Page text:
The UK recently revised and updated their AQI (COMEAP, 2011) and the document underlying the revision provides a good review of recent knowledge about short-term exposure to air

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pollution and health. The US tightened the lower bands of the PM2.5 iAQI early 2013, making them consistent with the lower PM2.5 bands in the UK.1 1.1.2. Sub-types of health and behavioural advice AQI-s

The health and behavioural advice AQI-s can be further subdivided into two2 sub-types:

a) A single pollutant determines the index (the highest iAQI); interaction between pollutants is disregarded. This type is more common and the UK and US indices are prominent examples. Especially the US AQI is influential as it is wholly or partly copied in several other countries. See Annex A1.1 for a description.

b) Indices that take pollutant interaction into account are for example the South African DAPPS (Cairncross et al., 2007) and the Canadian AQI (Stieb et al. 2008). See annex A1.1 for a description. Hong Kong revised their index and is now (since 2014) using an AQHI (air quality and health index) following the Canadian example (Wong et al. 2013). See also section 2.2.

Type 1.a: The AQI-s that don't take interaction into account follow the same principle as almost all AQI-s, for each pollutant a sub-index or individual AQI (iAQI) is calculated.

The pollutant with the highest iAQI at a given time determines the overall index or AQI. The information that is communicated to the public is usually the AQI + the name of the pollutant determining the AQI.

Type 1.b: The indices that take pollutant interaction into account are theoretically better than those that don’t.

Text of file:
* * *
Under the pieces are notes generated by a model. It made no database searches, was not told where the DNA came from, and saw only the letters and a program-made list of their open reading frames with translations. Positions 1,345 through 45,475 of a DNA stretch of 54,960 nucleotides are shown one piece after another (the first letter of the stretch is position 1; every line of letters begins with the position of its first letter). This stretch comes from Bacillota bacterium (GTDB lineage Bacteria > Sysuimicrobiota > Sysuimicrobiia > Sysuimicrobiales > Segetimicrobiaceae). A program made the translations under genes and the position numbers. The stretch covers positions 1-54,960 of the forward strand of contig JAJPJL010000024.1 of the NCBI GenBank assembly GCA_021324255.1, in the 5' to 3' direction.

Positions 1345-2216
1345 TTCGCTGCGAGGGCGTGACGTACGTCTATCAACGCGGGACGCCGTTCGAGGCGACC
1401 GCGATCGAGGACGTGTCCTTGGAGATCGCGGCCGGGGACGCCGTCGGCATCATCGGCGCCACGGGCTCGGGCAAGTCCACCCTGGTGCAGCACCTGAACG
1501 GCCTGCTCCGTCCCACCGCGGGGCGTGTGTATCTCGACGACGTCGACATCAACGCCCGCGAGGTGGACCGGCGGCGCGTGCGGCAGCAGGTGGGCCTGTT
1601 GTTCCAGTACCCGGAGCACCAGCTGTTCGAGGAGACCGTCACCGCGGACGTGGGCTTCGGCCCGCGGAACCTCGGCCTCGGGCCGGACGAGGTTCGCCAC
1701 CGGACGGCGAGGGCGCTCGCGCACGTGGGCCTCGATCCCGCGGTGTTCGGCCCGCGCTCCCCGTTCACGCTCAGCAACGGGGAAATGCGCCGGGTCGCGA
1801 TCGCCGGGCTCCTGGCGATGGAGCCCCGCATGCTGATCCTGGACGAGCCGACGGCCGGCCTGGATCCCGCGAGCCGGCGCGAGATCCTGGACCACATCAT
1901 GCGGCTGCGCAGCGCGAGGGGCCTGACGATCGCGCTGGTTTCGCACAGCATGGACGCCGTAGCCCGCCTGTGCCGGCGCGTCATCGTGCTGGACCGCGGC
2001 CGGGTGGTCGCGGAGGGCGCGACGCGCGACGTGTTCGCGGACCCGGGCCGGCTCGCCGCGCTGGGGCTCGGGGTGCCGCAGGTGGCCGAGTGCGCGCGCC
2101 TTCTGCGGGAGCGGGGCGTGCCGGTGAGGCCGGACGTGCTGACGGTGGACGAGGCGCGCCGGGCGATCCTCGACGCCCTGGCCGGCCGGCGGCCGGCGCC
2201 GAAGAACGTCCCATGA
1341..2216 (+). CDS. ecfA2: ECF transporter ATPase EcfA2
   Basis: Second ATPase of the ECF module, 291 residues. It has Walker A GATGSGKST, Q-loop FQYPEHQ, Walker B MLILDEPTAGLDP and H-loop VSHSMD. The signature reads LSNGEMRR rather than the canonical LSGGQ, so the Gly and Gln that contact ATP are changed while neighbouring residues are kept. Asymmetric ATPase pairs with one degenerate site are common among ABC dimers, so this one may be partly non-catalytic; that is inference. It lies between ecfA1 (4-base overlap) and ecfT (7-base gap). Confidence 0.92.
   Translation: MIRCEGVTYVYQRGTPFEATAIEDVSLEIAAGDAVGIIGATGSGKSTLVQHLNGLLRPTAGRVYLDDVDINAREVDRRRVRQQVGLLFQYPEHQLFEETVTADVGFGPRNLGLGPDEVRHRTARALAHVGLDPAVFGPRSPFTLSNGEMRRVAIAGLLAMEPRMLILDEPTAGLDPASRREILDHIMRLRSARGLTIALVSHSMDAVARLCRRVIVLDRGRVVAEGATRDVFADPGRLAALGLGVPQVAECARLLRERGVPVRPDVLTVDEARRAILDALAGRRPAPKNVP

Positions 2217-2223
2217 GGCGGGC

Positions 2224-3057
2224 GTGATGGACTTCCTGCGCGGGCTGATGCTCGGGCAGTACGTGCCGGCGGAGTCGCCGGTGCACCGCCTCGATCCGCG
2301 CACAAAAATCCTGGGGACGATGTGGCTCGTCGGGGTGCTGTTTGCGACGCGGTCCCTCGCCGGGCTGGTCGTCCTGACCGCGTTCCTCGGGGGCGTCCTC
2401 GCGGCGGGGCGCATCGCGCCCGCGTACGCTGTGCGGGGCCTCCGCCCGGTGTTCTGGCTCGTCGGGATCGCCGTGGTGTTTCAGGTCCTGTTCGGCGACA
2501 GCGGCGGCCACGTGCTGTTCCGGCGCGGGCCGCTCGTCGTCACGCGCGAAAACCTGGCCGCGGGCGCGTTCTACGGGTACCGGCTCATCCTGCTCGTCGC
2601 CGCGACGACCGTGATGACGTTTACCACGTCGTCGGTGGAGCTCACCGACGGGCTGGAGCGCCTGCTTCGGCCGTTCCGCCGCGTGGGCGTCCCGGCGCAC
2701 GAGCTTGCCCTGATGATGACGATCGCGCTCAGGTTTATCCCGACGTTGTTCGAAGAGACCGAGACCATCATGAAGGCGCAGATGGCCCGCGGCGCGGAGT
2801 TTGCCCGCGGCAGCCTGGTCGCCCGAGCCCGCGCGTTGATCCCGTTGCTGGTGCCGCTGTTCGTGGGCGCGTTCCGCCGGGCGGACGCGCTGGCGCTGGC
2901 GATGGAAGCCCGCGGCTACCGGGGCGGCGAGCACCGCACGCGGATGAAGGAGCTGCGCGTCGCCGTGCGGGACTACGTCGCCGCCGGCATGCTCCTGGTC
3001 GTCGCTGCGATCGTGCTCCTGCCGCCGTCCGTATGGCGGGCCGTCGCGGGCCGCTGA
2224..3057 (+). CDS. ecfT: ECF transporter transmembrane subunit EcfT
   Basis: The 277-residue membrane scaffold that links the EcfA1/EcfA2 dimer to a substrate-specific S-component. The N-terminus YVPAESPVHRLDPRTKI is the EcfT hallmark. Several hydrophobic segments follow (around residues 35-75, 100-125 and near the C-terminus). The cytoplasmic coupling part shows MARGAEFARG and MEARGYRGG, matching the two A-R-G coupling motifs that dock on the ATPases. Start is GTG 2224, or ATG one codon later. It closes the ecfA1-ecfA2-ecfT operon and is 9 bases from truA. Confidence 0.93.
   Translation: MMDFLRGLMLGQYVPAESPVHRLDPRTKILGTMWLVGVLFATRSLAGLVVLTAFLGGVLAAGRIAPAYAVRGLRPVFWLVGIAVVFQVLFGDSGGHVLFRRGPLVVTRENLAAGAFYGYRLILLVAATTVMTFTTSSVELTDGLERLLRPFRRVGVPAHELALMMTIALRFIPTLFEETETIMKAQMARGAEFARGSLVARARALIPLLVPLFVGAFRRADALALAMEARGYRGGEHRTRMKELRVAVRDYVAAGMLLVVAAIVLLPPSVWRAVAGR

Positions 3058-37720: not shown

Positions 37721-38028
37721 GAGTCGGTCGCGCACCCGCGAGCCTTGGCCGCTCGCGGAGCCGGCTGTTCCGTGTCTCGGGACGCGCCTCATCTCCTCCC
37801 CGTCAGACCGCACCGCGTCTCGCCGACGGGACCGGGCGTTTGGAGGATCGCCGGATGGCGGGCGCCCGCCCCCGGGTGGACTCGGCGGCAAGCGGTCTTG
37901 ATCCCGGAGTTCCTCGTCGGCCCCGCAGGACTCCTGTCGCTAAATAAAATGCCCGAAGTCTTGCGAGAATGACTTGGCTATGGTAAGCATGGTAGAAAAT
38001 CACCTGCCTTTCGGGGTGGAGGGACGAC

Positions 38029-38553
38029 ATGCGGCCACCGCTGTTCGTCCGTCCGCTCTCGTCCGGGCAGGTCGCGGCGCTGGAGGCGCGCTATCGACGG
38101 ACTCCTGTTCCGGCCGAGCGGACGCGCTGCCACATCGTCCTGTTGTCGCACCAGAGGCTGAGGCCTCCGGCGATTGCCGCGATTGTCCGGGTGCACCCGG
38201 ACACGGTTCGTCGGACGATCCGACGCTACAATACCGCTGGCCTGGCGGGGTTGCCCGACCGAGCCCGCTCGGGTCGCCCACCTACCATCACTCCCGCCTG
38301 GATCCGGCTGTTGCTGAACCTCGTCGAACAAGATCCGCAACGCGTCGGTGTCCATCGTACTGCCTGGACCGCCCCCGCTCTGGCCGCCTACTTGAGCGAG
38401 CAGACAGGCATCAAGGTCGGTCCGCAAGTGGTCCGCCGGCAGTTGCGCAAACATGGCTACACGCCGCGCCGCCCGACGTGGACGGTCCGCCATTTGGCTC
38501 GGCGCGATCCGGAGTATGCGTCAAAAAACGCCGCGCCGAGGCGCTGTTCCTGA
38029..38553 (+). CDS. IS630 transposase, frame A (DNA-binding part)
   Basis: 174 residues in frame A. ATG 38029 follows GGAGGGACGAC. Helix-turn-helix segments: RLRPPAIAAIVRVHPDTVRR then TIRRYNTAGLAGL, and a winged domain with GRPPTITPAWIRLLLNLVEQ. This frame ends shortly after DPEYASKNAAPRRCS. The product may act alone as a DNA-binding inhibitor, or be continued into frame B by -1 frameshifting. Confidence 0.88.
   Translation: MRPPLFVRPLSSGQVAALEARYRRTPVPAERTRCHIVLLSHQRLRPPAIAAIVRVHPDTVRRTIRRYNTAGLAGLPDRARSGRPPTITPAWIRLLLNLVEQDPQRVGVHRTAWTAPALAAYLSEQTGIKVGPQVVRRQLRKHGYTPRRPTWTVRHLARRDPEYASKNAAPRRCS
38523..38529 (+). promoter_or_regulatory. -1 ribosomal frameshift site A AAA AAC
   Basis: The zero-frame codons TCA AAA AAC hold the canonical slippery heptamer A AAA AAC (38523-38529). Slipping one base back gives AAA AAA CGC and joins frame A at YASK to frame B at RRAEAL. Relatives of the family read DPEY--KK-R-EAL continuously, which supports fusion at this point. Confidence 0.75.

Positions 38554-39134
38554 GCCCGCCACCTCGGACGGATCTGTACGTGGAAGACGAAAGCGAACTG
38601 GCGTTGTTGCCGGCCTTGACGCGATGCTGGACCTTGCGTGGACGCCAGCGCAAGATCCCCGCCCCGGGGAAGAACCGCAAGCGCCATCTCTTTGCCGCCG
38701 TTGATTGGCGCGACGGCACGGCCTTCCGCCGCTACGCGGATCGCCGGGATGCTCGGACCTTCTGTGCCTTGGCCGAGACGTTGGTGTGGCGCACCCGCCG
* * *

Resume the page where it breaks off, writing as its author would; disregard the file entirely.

Pollutant interactions do occur. However, given all the uncertainty surrounding the exact relation between air quality and health, devising such a complex AQI can be seen as being overly ambitious, suggesting a level of accuracy that in reality can never be met. This is aggravated by the fact that air quality tends to vary within cities or areas, whereas monitoring only takes place at a few locations and often the AQI is provided as one, or a few numbers per city/area. So the seeming precision gained in the exposure calculation is often not matched by the spatial detail. Unless a particular air quality situation exists that makes it necessary to take pollutant interaction into account, I don't recommend this approach. The calculations are complicated which is a disadvantage from the viewpoint of other communication objectives (accountability, transparency). Secondly, if the Canadian approach is taken, dose response relations have to be derived locally: e.g. the Canadian urban population.





The results cannot be easily transferred to places/countries where public health is completely http://www.epa.gov/pm/2012/decfsstandards.pdf (accessed 24-5-2013).